According to the portal discoveryspace.org , space suits serve as “self-contained spaceships that protect astronauts from extreme temperatures, micrometeoroids and the nearly pure vacuum of space for hours at a time, so that they can take a stroll outside the confines of their spacecraft or enjoy a brisk walk on the Moon.”
However, space suits shouldn’t be confused with the pressure suits worn by astronauts, test pilots and others during launch and landing, it stated. The space suits are being made by Russian research, development and production enterprise Zvezda under the contract of Glavkosmos, a subsidiary of Russian space corporation Roscosmos, with the Human Spaceflight Centre (HSC) of ISRO.
‘Plasmid DNA vaccine ZyCoV-D is safe and effective for adolescents #GS3 #SnT
How is Zydus Cadila’s ZyCoV-D vaccine different from the existing COVID-19 vaccines, especially the mRNA vaccines?
ZyCoV-D is the world’s first plasmid DNA vaccine for human use. DNA, or Deoxyribonucleic Acid, contains the genetic code of various components of an organism. For the vaccine, the part of the COVID-19 virus that helps it enter the cell and causes disease is coded. When the vaccine is injected into the human body, it produces that particular part of the virus and stimulates the immune system to generate antibodies and T-cells immunity against the virus.
This DNA piece is enclosed by a membrane called plasmid, and it disintegrates after it has completed its action. This DNA is a laboratory-made structure and is unable to interfere with the genetic composition of humans. The mRNA vaccines are also made with the same principle. These again are laboratory-made structures and not obtained from the actual virus.
Is the vaccine approved for children?
Any new vaccine is first tested on adults and then on children. This holds true for all the currently used paediatric vaccines. Similarly, the COVID-19 vaccines, for example, Covishield, Covaxin and Sputnik, have been used in adults. Covaxin is now being tested in children aged 2-18 years. The key assessment criteria are the safety of the vaccines and their immunogenic capacity in children. ZyCoV-D has also been tested in adolescents between 12 and 17 years. Now, we have the first approved, safe and effective vaccines for adolescents in India.
Is this vaccine safer than the previous one?
The Phase I, II and III trials of ZyCoV-D demonstrated its safety in all age groups. In fact, the reactogenicity of the vaccine, that is, fever, pain, feeling of illness, is much lesser than the other currently used vaccines in India.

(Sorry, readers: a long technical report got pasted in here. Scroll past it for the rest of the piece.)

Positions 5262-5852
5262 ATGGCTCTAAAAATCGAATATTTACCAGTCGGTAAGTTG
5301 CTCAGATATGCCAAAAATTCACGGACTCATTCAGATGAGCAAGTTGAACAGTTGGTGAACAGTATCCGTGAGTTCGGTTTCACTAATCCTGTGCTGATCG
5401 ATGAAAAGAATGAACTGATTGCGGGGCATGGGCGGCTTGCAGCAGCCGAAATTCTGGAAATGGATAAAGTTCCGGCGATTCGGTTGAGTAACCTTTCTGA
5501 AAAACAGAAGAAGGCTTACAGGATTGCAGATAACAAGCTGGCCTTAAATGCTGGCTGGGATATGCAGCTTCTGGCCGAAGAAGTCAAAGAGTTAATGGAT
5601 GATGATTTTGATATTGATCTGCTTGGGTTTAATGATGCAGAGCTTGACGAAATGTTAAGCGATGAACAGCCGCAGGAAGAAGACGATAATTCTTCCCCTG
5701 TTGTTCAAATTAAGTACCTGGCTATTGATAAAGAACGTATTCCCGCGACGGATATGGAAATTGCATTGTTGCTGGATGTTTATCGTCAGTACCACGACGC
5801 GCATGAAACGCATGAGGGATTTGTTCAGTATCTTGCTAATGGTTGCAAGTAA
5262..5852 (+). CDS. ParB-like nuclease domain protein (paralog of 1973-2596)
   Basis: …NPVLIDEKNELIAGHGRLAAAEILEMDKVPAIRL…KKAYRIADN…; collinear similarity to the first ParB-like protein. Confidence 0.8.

Like vaccination for adults, will there be a prioritisation in the paediatric age group as well?
Prioritisation of adults was based on occupation, comorbidities and age. Two criteria were used for the prioritisation: exposure probability and risk of severe disease and death. In children, COVID-19 is mostly asymptomatic or mild; severe disease and death are rare. Like for adults, for children too, the priority will be given to those with comorbidities such as heart disease, chronic kidney, liver, lung diseases and other illnesses.
Secondly, there are 44 crore children in India, out of them 12 crore are in the 12-17 age group. We intend to prioritise adult immunisation and simultaneously start immunising children with comorbidities.
When will the vaccine be available for people? What is the current production capacity of this vaccine?
We are expecting to begin inoculating adults and adolescents with comorbidities by mid-October. For healthy children, COVID-19 vaccination is likely to be launched by the first quarter of 2022. The current production capacity of ZyCoV-D is 1 crore doses per month. It is expected that it will be ramped up to 2-3 crore doses a month in the coming months. We need to understand that the DNA vaccine production line is a slow process and might require technology transfer to other companies as well.
Tell us about the dosage and intervals between doses?
This is a three-dose vaccine, given with a needleless device called jet inject/Pharmajet, which is also painless. Every dose is 2 mg, split into two parts administered at two separate sites to get maximum immune response. All three doses will be given in the same manner at an interval of four weeks each. The vaccine is associated with negligible side-effects and the recipient does not feel any pain or discomfort at the injected site. Even fever or fatigue is uncommon post-vaccination.
Now that the vaccine for children will soon be available, do you think it will be a good idea to send children to school only after they get vaccinated?